DOT Testing: Claims & Collective Bargaining Rights

  • By: Andrew David Easler, Esq.
  • Published: Oct, 7 2021
  • Updated: Nov, 4 2023

Employers of transportation-related safety-sensitive employees must abide by the strict regulations found in the 49 C.F.R. Part 40 and the regulations specific to the DOT sub-agency that has authority over those employees.[1] However, to what extent does or can a collective bargaining agreement limit or modify an employer’s or a covered employee’s responsibilities under the regulations? In Dykes v. Southeastern Pennsylvania Transportation Authority, the United States Court of Appeals for the Third Circuit held that a collective bargaining agreement which provides for a binding grievance process which comports with Constitutional Due Process requirements and makes no finding of a violation of the regulations may receive substantial or even complete deference by the courts.[2]

In July of 1993, Joseph G. Dykes, a bus driver for Southeastern Pennsylvania Transportation Authority (“SEPTA”) drove his usual route until at some point during the trip, supervisors boarded and ordered that he undergo drug and alcohol testing.[3] Dykes refused to undergo those tests and was subsequently discharged as a result.[4] Dykes worked with his local union, Transport Worker’s Union of Philadelphia, AFL-CIO, Local 234 (“Local 234”) to appeal the discharge.[5] Among their arguments in the grievance process was that the supervisors hadn’t established sufficient reasonable suspicion to order the drug and alcohol test in the first place; however, during each of the three stages of the grievance process this argument failed.[6]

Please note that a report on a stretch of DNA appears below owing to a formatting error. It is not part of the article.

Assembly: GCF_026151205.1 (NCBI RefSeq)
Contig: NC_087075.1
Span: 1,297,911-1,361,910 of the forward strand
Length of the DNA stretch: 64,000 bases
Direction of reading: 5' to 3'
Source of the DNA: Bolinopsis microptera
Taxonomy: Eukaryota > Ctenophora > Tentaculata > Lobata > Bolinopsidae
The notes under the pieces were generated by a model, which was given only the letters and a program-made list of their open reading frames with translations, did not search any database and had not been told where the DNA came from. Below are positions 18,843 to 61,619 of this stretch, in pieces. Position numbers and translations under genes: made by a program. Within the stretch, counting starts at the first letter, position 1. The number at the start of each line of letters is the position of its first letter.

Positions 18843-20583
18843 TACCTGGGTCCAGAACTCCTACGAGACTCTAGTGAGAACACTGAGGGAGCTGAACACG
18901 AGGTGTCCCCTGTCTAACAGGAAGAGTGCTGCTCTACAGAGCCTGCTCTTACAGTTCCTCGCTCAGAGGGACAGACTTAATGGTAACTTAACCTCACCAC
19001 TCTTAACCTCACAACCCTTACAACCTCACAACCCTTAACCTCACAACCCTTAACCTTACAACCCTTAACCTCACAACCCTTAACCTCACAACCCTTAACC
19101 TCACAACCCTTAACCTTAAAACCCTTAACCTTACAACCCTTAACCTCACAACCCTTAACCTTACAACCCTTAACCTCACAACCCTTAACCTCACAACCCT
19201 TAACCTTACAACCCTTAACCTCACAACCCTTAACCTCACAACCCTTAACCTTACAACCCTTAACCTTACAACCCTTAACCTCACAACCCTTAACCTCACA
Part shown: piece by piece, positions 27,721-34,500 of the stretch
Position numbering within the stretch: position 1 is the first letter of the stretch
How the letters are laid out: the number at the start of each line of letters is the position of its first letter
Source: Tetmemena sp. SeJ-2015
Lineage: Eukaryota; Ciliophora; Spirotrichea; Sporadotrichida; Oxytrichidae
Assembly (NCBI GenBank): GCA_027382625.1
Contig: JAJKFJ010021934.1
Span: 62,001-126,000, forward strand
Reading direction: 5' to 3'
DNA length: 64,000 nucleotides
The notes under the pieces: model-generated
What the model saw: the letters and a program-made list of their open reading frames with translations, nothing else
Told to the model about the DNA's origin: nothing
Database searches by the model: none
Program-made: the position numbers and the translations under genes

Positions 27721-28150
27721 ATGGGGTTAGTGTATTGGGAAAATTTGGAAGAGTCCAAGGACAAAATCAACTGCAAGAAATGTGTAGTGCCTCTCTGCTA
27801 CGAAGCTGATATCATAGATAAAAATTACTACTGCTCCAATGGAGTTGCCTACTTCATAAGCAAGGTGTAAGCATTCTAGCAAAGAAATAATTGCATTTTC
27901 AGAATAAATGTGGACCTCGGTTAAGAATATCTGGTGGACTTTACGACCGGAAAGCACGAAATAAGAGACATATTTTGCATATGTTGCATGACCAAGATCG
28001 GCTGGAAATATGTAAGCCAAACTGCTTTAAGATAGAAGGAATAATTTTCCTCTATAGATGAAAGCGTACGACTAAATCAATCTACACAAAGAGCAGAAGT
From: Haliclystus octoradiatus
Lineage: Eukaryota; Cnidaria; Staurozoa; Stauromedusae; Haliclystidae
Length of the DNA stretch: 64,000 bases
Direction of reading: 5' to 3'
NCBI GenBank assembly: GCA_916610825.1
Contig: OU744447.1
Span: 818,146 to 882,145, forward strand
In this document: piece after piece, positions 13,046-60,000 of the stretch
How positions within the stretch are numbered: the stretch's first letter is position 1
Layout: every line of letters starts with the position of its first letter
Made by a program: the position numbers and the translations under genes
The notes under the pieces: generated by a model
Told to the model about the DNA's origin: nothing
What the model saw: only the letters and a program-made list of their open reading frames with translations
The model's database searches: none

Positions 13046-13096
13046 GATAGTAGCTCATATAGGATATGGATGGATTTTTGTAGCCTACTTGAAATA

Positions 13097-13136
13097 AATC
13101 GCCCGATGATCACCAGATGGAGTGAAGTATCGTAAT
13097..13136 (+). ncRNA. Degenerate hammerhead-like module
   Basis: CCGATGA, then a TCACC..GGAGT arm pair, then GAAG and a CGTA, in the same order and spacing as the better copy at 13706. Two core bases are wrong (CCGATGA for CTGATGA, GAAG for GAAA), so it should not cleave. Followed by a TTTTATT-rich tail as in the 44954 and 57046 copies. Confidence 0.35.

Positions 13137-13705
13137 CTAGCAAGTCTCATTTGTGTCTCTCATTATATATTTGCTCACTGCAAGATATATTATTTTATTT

In September of 1994, Dykes filed a civil action against SEPTA and Local 234 based on 42 U.S.C. § 1983 alleging a violation of his Fourth Amendment privacy interests in the ordering of a drug and alcohol test without sufficient reasonable suspicion and, in his second count, alleging that SEPTA’s actions and Local 234’s representation of him in the proceedings led to a violation of his Due Process rights.[7] The trial court dismissed these complaints for failure to state a claim upon which relief can be granted and Dykes appealed.[8]

While the court acknowledged that the United State Constitution’s Fourth Amendment protection against unreasonable searches and seizures applied to Dykes as an employee of SEPTA, a state agency, the court acknowledged that the reasonableness of the policy itself was not at issue.[9] Instead, Dykes asserted that the policy was not appropriately followed.[10] Dykes suggests that SEPTA ordered a drug and alcohol test labeled as reasonable suspicion, but that SEPTA lacked sufficient suspicion to order the test at all.[11] Dykes then reasoned in his argument that without suspicion, the test was unreasonable and therefore unconstitutional.[12]

If a collective bargaining agreement had not been in place which allowed Local 234 to enter into agreements regarding drug and alcohol testing, the court may have considered the merits of Dykes’ claim. In such an instance, if the court had determined that suspicion was not sufficient to justify the ordering of the test, SEPTA may have indeed violated its employee’s Fourth Amendment right to privacy.[13] However, the court found that the question of whether suspicion existed was a question of fact subject to the terms of the collective bargaining agreement to which Dykes was bound and that in all three tribunals involved in the grievance process, none had made any findings to indicate that suspicion was not present.[14] The court went on to find that the grievance hearings did not violate Dykes’ Due Process rights. Since the grievance hearings were proper under the Due Process Clause and the hearings found no violation of the policy, the court affirmed the case’s dismissal.[15]

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